Here’s another audiobook I grabbed pretty much at random.
The first long section details the scientific discoveries leading to the
development of nuclear power: chemical elements, magnetic fields,
subatomic particles, radioactivity, quantum mechanics, and more.
I am not very scientifically inclined but I was able to follow most of
The second long section is about the Manhattan Project, the story of
which I have already heard a number of times, but my memory being what
it is, another recitation didn’t hurt.
The third and final long section is mostly about the further development
of nuclear technology, which includes weapons, power stations, and other
uses ranging from the practical (e.g., medical isotopes) to the
impractical (e.g., plans to dig canals via a chain of nuclear explosions)
to dreams of the distant future (e.g., crewed interstellar
Mixed in with this are a lot of colorful anecdotes about the author’s
own career as a nuclear engineer and some polemic about the importance of
keeping nuclear power as part of the global energy portfolio if we are to
have any chance of weaning ourselves off fossil fuels.
Oddly, though, most of this section is actually devoted to telling stories
about nuclear accidents, and after Fukushima, the author expanded on this
theme for his next book:
The accidents detailed in this book break down into three main
Early on the author discusses incidents that can be broadly classed as
experimental, ranging from scientists sticking their heads into
X‑ray machines just to see what would happen to patent medicine
salesmen encouraging people to gulp down bottles of radium water on the
theory that, who knows, it might cure impotence or something.
Later he writes about military accidents: planes that crashed while
carrying armed nuclear missiles, that sort of thing.
But most of this book is about mishaps at nuclear power plants.
The most famous of these are Three Mile Island, Chernobyl, and Fukushima,
but treatments of these disasters are saved for the end of the book.
Before reaching those we get detailed accounts of a bunch of more obscure
accidents, interminable recountings of what the consoles reported moment
by moment and what actions those on duty took in response.
This explosion happened because a control rod warped!
This one happened because a valve failed!
It is about as interesting as listening to a mechanic drone on and on
about what exactly is wrong with your car’s engine, or rather,
somebody else’s car’s engine back in
In retrospect sticking with the first book would have been fine.
Four bullet points about these two books:
As noted, Mahaffey is in favor of nuclear power, which makes it
counterintuitive that he would write an entire book, and a third of
another book, all about disasters at nuclear plants.
The point he repeatedly makes is that, time after time, something
goes catastrophically wrong and a reactor explodes and takes out
$500 million worth of equipment…
and yet no one is injured.
Or maybe a handful of workers are killed, but there’s no
radiation release into the countryside.
Compare this to the billions who will die due to climate change, either
directly (heat stroke, flooding, famine) or indirectly (wars over scarce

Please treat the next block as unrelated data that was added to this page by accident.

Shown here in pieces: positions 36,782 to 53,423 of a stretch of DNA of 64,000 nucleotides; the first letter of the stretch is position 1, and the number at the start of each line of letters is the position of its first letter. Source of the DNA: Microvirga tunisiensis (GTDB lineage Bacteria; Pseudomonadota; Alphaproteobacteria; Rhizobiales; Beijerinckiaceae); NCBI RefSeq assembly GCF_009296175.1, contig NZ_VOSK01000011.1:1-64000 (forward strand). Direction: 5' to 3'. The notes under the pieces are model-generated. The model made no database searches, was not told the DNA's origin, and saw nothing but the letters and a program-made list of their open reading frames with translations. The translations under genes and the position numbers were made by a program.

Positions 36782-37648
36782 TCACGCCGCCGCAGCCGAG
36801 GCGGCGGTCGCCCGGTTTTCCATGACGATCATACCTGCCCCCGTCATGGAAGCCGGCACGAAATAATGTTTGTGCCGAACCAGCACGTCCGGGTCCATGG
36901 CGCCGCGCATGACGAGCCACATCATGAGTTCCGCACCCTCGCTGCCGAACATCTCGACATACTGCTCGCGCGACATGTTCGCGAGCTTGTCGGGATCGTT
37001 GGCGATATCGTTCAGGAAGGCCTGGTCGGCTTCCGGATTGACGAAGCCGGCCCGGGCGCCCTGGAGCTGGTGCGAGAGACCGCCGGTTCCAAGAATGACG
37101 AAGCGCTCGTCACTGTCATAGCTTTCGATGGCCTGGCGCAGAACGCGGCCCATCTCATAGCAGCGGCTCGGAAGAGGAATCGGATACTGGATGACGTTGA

resources), he says, or even compare the nuclear record to good ol’
clean hydroelectric power, with dam failures that kill tens of thousands
Learn all the details of nuclear accidents, he suggests, and you’ll
see how trivial they are, relatively speaking!
I understand his thinking.
It’s still counterintuitive.
When things do go wrong at nuclear plants, people learn from the
mistakes that were made, and install failsafes to keep them from happening
So why do they happen again?
In large part, because people override the failsafes.
A lot of the catastrophes after about 1960 can be
chalked up to
a technician sees that the core temperature in
sector 7G is rising, says “Why did the
stupid computer close the vents? We need to cool that down!”, opens
the vents, and whoosh, everything’s on fire.
Mahaffey argues that we could actually improve nuclear reactor design
much more dramatically than by merely adding a few more failsafes, but
that we don’t for the same reason that most people still type on
Qwerty keyboards: people would rather stick with something that is
demonstrably worse than put in the effort to learn something new.
We still use designs based on nuclear subs of the
1950s in part because if we switched to thorium
reactors or something the old hands would have to relearn their jobs from,
if not square one, then square two or three.
(I can see this both ways.
Like, I use a Dvorak keyboard… but I also plan to program any
future interactive fiction I might write in
It turns out that the verb for “to shut down a nuclear reactor
immediately” is “scram”.
It appears on just about every page of these books, it seemed like.
I was pleased!
See, there is a Made Out of Babies song called “Gunt” that has
been in the upper reaches of my Hot 100 for a dozen
years now, but I always kind of winced at its repeated use of the word
“scram”—it seemed like such a silly word to build
the lyrics of a song around.
It’s old‑timey slang, the sort of word the Sesame
Street writers give to Oscar the Grouch because that’s as
edgy as you can get and still pitch your show to toddlers.
But now that I associate it with engineers frantically stabbing a button
to shut a reactor core down, I can take that song more seriously!
"Gunt" (Made Out of Babies, 2006)
"It's the biggest darkest black beast—SCRAM You've got to make it Made of glass and full of thunder—SCRAM You've got to make it SCRAM"